It is Time to Move Past Maslow's Hammer in Pain Management
Abraham Maslow first published the famous proverb “if all you have is a hammer, then everything looks like a nail,” in 1966 in The Psychology of…
Radiofrequency neurotomy (RFN) of medial branches is an effective and common treatment for the management of lumbar and cervical facet syndrome which can be caused by whiplash. The terms radiofrequency neurotomy, rhizotomy, and ablation are used interchangeably which can cause confusion. But the fact is, abnormalities of the facet joints are a common cause of both neck and low back pain after work-related and MVA injuries with a prevalence of 15 to 40%.
When conservative methods fail to provide adequate relief, interventional pain management doctors may recommend diagnostic medial branch blocks followed by RFN. Two comparative diagnostic medial branch nerves are performed with local anesthetic to see if RFN is a reasonable option for providing longer-term relief. RFN involves the generation of heat generated by radiofrequency waves to the nerves (medial branches) that provide sensation to the facet joints and the surrounding soft tissues of the spine. RFN cauterizes these sensory nerves rendering them less effective at transmitting a pain signal. Mean duration of successful pain relief (>50% improvement) after RFN is 10.9 months.
Treating pain management doctors rely on clinical studies that show that repeat RFN has been successful in 85% of patients who had a successful initial RFN. But how many repeat RFNs is reasonable and necessary? The little evidence that is available shows that the number of patients who undergo repeat RFN gets significantly smaller as the number of repeated RFN procedures increases. While it is true that some patients return for repeat RFN following an initial RFN, fewer patients return for a third RFN, and very few return for more than three. This is an important observation that defense attorneys should pay attention to as it can have a big effect on the size of settlement for their clients.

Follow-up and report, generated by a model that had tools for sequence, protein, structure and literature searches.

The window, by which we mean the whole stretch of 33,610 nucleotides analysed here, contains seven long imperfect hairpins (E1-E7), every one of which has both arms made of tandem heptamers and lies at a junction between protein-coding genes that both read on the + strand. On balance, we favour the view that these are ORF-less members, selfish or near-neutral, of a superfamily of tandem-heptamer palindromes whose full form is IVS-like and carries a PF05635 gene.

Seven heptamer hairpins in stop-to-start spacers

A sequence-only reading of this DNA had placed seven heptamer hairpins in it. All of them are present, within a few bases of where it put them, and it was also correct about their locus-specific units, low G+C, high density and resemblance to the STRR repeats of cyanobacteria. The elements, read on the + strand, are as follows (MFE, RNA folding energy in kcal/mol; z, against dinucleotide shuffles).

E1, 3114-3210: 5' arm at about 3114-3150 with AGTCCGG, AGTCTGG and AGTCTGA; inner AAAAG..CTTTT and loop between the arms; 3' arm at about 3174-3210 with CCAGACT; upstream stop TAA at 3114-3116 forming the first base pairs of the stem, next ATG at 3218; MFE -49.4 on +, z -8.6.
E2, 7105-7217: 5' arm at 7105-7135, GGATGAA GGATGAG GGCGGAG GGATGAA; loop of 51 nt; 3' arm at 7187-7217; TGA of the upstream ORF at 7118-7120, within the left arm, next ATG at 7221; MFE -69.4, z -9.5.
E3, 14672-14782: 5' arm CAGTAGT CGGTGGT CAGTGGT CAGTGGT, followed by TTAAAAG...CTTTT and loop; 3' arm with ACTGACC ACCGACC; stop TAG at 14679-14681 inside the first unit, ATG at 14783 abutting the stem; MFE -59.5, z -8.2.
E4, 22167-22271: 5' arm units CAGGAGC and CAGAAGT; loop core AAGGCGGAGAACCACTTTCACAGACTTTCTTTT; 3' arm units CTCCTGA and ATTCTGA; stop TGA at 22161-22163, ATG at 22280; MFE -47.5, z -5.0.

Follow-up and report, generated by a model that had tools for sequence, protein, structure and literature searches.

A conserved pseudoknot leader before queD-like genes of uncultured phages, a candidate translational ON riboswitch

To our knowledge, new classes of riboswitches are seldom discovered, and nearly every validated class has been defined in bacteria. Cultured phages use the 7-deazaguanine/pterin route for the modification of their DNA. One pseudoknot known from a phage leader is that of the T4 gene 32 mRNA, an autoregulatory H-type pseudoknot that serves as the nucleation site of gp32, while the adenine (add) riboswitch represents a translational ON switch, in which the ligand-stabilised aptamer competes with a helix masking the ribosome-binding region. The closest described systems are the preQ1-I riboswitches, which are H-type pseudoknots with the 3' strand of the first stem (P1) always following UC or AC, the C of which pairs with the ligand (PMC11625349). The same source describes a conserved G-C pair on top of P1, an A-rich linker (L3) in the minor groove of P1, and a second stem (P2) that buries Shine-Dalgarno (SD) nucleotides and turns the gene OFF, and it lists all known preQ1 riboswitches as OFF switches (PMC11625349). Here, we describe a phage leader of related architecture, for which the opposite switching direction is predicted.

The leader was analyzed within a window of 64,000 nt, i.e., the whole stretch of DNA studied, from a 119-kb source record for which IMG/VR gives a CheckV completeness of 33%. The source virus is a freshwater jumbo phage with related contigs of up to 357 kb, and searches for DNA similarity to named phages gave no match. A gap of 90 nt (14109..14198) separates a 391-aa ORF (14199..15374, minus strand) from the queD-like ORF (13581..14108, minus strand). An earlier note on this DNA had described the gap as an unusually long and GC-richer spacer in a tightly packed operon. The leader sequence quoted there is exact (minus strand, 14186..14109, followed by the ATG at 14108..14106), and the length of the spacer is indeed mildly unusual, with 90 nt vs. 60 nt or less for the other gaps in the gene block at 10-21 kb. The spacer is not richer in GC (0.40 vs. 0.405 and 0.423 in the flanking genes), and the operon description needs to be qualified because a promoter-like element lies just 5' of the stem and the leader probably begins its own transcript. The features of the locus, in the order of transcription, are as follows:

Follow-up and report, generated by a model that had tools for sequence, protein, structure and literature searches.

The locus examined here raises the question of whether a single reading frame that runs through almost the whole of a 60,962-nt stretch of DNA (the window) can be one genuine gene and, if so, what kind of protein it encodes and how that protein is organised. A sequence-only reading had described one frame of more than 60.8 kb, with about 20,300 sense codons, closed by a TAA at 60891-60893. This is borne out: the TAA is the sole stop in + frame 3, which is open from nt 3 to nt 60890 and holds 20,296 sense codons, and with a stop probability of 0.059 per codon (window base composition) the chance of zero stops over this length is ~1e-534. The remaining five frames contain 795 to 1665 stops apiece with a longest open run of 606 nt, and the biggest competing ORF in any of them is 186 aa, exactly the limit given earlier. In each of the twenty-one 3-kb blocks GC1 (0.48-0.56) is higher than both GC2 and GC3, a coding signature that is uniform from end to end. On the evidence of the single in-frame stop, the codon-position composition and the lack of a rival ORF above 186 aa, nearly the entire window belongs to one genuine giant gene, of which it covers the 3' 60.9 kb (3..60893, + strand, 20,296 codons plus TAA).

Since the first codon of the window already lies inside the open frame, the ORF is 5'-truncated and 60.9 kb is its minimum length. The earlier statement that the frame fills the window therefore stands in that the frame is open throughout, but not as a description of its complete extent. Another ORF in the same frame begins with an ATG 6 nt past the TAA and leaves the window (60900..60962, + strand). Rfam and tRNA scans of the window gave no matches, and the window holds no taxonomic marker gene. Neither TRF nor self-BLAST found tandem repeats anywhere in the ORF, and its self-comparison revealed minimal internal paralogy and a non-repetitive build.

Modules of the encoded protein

In summary, RFN is effective for treating pain from whiplash, but always be prepared to question the reasonableness of the claims of future damages for indefinite or lifetime repeat of the procedure. More information regarding this common procedure is available. Contact me.